TransLink halts planned layoffs and service reductions with provincial commitment of support

May 11, 2020
British Columbia will work with transit providers on a solution to support the province’s reopening plans.

TransLink has called off its plans to temporarily lay off approximately 1,500 employees and reduce service as a result of the financial strain from the COVID-19 pandemic following commitments from the province of British Columbia to ensure transit service is available as the province plans to restart its economy.  

Last month, TransLink CEO Kevin Desmond said the agency was left with no other options but to institute the layoffs and service cuts to help stem the C$75 million (US$54.01 million) per month in losses. Last week, the agency announced plans to resume fare collection following the installation of barriers to preserve distance between passengers and operators. The ability to collect fares would return approximately C$2 million (US$1.424 million) per month to the agency’s coffers at current ridership levels.

“This is another important step forward for re-starting British Columbia and Metro Vancouver’s economy. The transit service provided by TransLink is essential to the lives of hundreds of thousands of people in our region. We will be ready to provide safe, reliable transit service as people return to work. We are proud to be partnering with the Province of B.C. to ensure transit service is there as the economy recovers,” said Desmond.

British Columbia and TransLink are working on a what they call a comprehensive solution to address the major financial impacts that TransLink has incurred due to the COVID-19 pandemic. The province says ensuring that operators and passengers can safely use public transit is critical to its restart plan during the next weeks and months.

“As we begin to restore the economy through BC’s Restart Plan, services like TransLink will be key to British Columbia’s transition and recovery success. We remain committed to working with and supporting TransLink through this difficult time and into recovery to find solutions that will benefit Metro Vancouver and British Columbia and continue to call on the federal government to join us in this support,” said B.C. Minister for Municipal Affairs and Housing Selina Robinson.

The province says it would work with transit agencies on more detailed plans to gradually restore service levels as restrictions begin to lift – both to help people get around and to ensure people can continue to respect physical distancing.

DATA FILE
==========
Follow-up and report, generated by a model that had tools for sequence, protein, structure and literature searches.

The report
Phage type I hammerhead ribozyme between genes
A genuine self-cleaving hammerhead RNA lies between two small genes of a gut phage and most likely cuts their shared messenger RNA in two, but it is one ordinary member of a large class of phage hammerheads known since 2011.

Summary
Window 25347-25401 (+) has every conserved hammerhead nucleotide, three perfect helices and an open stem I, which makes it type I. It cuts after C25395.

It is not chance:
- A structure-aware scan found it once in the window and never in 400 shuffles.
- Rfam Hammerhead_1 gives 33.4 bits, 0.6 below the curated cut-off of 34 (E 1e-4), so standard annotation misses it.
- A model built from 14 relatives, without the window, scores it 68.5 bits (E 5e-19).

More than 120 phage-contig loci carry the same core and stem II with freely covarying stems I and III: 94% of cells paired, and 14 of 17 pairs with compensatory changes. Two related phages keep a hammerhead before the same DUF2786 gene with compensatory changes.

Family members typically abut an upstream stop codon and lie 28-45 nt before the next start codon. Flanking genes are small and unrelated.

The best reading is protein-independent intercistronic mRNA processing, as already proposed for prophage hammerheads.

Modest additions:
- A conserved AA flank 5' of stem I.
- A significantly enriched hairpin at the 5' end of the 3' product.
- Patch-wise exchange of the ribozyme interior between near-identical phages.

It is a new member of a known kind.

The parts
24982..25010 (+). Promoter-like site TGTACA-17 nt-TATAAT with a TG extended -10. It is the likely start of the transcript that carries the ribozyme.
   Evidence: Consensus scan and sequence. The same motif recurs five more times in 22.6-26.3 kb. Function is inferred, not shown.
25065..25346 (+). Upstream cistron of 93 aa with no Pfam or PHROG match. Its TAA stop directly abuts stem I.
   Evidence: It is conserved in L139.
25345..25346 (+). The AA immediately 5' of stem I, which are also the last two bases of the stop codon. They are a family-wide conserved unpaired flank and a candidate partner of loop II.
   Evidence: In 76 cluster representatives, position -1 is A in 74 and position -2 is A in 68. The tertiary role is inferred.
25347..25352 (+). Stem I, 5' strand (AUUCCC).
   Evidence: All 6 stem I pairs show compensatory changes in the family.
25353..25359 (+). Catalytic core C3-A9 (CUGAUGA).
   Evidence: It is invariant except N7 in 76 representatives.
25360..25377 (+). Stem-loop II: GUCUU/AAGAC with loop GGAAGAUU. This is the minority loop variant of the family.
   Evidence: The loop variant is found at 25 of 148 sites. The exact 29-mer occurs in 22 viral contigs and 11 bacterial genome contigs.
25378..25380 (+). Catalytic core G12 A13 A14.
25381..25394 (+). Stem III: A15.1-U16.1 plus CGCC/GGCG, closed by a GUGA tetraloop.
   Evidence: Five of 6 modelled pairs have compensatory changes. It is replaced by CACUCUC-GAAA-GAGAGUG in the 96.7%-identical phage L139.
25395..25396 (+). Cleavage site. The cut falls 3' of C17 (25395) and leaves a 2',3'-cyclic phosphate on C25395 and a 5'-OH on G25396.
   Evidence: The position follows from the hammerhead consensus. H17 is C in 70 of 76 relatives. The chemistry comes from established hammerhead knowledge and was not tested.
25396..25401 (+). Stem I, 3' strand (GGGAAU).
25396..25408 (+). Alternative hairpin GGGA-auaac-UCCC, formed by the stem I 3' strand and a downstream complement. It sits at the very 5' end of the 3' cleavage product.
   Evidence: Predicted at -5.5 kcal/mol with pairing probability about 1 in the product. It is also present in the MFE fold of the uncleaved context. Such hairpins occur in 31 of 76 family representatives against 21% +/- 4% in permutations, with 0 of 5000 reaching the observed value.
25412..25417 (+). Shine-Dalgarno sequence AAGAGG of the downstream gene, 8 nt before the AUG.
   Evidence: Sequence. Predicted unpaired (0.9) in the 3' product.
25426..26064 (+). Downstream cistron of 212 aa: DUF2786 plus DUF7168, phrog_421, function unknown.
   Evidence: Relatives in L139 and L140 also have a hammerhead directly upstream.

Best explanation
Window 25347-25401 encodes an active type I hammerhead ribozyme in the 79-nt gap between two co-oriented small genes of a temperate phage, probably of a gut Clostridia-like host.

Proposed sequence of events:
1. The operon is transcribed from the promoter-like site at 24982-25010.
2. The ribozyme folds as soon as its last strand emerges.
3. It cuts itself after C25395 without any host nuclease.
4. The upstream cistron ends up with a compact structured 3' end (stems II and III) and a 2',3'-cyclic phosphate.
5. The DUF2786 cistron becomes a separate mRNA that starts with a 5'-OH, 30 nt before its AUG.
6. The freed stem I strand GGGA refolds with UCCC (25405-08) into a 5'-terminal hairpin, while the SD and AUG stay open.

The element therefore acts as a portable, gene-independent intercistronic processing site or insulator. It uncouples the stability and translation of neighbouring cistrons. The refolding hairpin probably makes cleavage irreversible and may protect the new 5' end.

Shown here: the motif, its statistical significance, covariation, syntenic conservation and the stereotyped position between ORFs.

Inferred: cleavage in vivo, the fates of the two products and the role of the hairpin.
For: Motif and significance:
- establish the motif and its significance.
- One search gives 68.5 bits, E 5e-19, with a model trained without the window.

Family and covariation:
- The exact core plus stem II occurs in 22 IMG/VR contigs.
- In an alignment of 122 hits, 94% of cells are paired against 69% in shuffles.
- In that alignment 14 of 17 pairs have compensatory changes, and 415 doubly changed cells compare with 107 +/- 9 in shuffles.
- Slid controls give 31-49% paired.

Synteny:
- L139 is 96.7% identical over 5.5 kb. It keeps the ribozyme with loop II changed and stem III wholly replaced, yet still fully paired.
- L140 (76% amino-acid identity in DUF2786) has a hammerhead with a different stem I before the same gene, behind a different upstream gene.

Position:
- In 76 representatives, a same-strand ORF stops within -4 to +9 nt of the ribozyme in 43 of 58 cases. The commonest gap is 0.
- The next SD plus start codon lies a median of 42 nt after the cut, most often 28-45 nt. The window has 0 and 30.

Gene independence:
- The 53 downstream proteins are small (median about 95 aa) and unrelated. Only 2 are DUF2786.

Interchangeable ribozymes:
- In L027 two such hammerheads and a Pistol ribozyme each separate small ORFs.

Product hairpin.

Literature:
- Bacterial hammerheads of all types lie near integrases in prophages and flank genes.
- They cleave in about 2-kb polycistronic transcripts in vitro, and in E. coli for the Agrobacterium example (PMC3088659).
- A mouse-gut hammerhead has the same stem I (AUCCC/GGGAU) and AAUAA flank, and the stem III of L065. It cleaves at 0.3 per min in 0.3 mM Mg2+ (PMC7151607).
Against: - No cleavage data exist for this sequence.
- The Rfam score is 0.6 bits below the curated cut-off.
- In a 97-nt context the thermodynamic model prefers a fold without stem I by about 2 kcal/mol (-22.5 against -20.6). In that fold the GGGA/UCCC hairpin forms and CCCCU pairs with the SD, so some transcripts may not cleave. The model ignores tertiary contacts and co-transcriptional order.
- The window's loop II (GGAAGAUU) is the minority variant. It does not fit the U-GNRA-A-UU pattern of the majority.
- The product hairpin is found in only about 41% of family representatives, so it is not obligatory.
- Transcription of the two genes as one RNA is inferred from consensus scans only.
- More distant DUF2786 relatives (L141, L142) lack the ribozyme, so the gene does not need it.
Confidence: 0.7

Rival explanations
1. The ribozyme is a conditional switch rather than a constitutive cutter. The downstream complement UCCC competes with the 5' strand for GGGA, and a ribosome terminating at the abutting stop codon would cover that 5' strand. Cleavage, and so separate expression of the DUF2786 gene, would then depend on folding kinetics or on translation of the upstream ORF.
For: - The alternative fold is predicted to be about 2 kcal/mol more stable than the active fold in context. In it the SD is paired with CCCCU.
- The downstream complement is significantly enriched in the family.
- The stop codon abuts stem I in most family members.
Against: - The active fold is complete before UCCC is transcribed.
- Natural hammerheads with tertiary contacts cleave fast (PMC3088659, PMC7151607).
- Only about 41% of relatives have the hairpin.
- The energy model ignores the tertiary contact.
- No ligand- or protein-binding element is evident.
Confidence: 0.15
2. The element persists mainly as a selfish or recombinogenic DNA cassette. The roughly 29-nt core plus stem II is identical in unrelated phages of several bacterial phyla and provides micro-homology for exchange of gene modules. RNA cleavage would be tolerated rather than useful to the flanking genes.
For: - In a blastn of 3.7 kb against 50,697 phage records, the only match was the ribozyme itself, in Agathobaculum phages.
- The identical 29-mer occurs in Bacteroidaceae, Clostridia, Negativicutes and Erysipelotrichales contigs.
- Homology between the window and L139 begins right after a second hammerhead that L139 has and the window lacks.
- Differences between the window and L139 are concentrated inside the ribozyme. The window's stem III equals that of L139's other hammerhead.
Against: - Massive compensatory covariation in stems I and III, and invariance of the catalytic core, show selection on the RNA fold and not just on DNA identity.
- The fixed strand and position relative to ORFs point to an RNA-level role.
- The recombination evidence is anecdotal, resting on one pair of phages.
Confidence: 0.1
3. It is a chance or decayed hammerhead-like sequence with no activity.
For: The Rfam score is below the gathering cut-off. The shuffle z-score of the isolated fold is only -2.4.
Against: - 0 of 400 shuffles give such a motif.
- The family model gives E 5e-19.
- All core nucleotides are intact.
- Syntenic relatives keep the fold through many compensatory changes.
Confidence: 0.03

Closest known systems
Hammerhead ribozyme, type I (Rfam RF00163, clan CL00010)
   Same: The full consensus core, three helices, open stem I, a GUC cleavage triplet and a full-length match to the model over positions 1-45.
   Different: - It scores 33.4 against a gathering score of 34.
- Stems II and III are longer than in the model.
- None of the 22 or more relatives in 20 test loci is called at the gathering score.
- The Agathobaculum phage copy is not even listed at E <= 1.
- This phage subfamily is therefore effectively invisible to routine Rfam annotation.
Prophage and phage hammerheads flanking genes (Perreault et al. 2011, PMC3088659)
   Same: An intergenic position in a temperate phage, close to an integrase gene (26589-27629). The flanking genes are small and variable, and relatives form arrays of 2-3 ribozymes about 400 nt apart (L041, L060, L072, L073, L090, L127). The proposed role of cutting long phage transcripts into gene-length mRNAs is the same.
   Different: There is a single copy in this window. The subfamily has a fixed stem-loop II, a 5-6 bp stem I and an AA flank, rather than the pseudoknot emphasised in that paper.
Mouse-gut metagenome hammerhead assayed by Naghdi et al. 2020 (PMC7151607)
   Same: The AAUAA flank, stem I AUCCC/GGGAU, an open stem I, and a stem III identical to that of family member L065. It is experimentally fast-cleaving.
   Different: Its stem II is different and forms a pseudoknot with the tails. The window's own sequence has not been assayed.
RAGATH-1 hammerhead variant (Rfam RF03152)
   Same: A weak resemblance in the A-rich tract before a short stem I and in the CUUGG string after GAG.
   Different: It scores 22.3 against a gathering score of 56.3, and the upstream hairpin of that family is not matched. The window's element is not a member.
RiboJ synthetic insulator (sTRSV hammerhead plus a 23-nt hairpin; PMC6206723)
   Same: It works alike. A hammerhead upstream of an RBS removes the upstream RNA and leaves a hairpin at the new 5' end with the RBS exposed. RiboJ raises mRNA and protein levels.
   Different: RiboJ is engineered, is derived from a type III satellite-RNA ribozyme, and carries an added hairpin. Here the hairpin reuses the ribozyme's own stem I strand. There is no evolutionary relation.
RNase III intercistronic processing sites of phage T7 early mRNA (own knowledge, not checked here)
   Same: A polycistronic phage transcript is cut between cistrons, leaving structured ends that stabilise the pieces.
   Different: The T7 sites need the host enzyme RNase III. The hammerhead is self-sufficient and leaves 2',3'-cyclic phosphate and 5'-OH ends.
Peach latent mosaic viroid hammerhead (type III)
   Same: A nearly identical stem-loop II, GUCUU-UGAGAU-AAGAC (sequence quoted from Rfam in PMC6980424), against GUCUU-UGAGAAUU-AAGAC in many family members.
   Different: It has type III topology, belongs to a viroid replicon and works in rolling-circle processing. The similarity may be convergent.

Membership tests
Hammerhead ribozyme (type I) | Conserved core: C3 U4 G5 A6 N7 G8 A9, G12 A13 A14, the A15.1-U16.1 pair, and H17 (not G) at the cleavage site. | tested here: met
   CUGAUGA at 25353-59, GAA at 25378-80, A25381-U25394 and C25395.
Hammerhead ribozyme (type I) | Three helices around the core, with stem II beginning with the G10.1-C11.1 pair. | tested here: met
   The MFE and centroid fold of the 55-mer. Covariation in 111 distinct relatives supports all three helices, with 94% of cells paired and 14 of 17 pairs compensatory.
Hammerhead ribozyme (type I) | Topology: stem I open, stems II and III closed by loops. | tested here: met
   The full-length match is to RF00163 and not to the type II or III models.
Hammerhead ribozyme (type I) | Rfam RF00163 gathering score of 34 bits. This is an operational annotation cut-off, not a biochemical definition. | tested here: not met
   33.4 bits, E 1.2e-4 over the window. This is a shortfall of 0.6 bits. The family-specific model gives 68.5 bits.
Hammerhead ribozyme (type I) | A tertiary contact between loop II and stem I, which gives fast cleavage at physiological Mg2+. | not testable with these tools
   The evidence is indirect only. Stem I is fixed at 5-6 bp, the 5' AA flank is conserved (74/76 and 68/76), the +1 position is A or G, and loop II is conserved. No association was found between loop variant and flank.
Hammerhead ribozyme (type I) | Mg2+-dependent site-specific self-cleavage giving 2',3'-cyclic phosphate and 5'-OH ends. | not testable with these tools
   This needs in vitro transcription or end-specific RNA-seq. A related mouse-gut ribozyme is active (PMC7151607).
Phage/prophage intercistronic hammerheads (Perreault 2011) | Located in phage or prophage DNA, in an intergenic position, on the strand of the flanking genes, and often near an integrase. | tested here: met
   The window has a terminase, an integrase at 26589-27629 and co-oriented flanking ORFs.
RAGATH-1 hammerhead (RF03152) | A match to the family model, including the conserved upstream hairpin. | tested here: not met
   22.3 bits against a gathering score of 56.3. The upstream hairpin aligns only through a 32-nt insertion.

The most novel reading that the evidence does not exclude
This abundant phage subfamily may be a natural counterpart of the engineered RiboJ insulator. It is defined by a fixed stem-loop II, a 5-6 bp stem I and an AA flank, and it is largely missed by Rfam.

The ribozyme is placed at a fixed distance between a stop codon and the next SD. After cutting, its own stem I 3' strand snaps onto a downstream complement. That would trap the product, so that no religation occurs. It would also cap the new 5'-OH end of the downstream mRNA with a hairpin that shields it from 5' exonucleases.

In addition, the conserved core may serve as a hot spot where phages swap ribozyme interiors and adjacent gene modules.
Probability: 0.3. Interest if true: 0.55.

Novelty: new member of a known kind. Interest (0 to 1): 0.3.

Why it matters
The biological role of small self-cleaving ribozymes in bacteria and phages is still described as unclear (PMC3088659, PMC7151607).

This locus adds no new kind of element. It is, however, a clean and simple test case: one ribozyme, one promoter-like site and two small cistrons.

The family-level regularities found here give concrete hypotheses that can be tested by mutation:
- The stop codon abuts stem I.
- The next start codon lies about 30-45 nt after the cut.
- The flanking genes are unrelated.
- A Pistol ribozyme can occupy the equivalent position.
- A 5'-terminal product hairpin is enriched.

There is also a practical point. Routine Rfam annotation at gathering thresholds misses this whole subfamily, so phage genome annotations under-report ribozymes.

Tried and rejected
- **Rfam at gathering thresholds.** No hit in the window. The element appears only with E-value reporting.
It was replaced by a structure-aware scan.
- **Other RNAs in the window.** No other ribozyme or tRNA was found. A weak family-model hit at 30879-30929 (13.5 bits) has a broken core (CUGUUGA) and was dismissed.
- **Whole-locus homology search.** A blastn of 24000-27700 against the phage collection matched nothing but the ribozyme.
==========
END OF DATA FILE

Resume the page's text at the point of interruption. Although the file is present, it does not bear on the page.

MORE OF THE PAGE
“Today’s commitment by the province of B.C. to help TransLink keep transit service running on Day 1 of the BC Restart Plan is an important first step towards returning TransLink to financial sustainability in the long term,” said Jonathan X. Coté, chair, Mayors’ Council on Regional Transportation. “I look forward to working with Minister Robinson and her team through the summer to address the pandemic’s impacts on TransLink finances so that TransLink is equipped to help rebuild our region’s sustainable, innovative economy.”

The province and TransLink noted they will continue to call on the federal government for a national solution to the challenges facing transit systems. Encouraging a solution at the federal level is being championed by the Canadian Urban Transit Association (CUTA), which held a press conference last week reiterating its calls for the federal government to provide transit agencies across Canada with C$400 million (US$283.58 million) per month to stem losses caused by the pandemic.

At a press conference on May 8, Prime Minister of Canada Justin Trudeau noted the federal government’s belief in the essential role of transit and pointed out the historic investments made at the federal level over the years.

“We recognize that public transit is an essential part of growing the economy of helping our cities and mostly helping people be able to get from work to home in a reliable way; that’s why we believe so deeply in transit,” said Prime Minister Trudeau. “Operation of transit is more of a municipal and provincial responsibility and we hope to see the provinces stepping up and supporting this essential element of the economic relaunch…the federal government is always looking to be a partner in helping out in terms of economic relaunch wherever we can.”

About the Author

Mischa Wanek-Libman | Group Editorial Director

Mischa Wanek-Libman serves as editor in chief of Mass Transit magazine and group editorial director of the Infrastructure and Aviation Group at Endeavor Business Media. She is responsible for developing and maintaining the editorial direction of the group and is based in the western suburbs of Chicago.

Wanek-Libman has spent more than 20 years covering transportation issues including construction projects and engineering challenges for various commuter railroads and transit agencies. She has been recognized for editorial excellence through her individual work, as well as for collaborative content. 

She is an active member of the American Public Transportation Association's Marketing and Communications Committee and serves as a Board Observer on the National Railroad Construction and Maintenance Association (NRC) Board of Directors.  

She is a graduate of Drake University, where she earned a Bachelor of Arts degree in Journalism and Mass Communication with a major in magazine journalism and a minor in business management.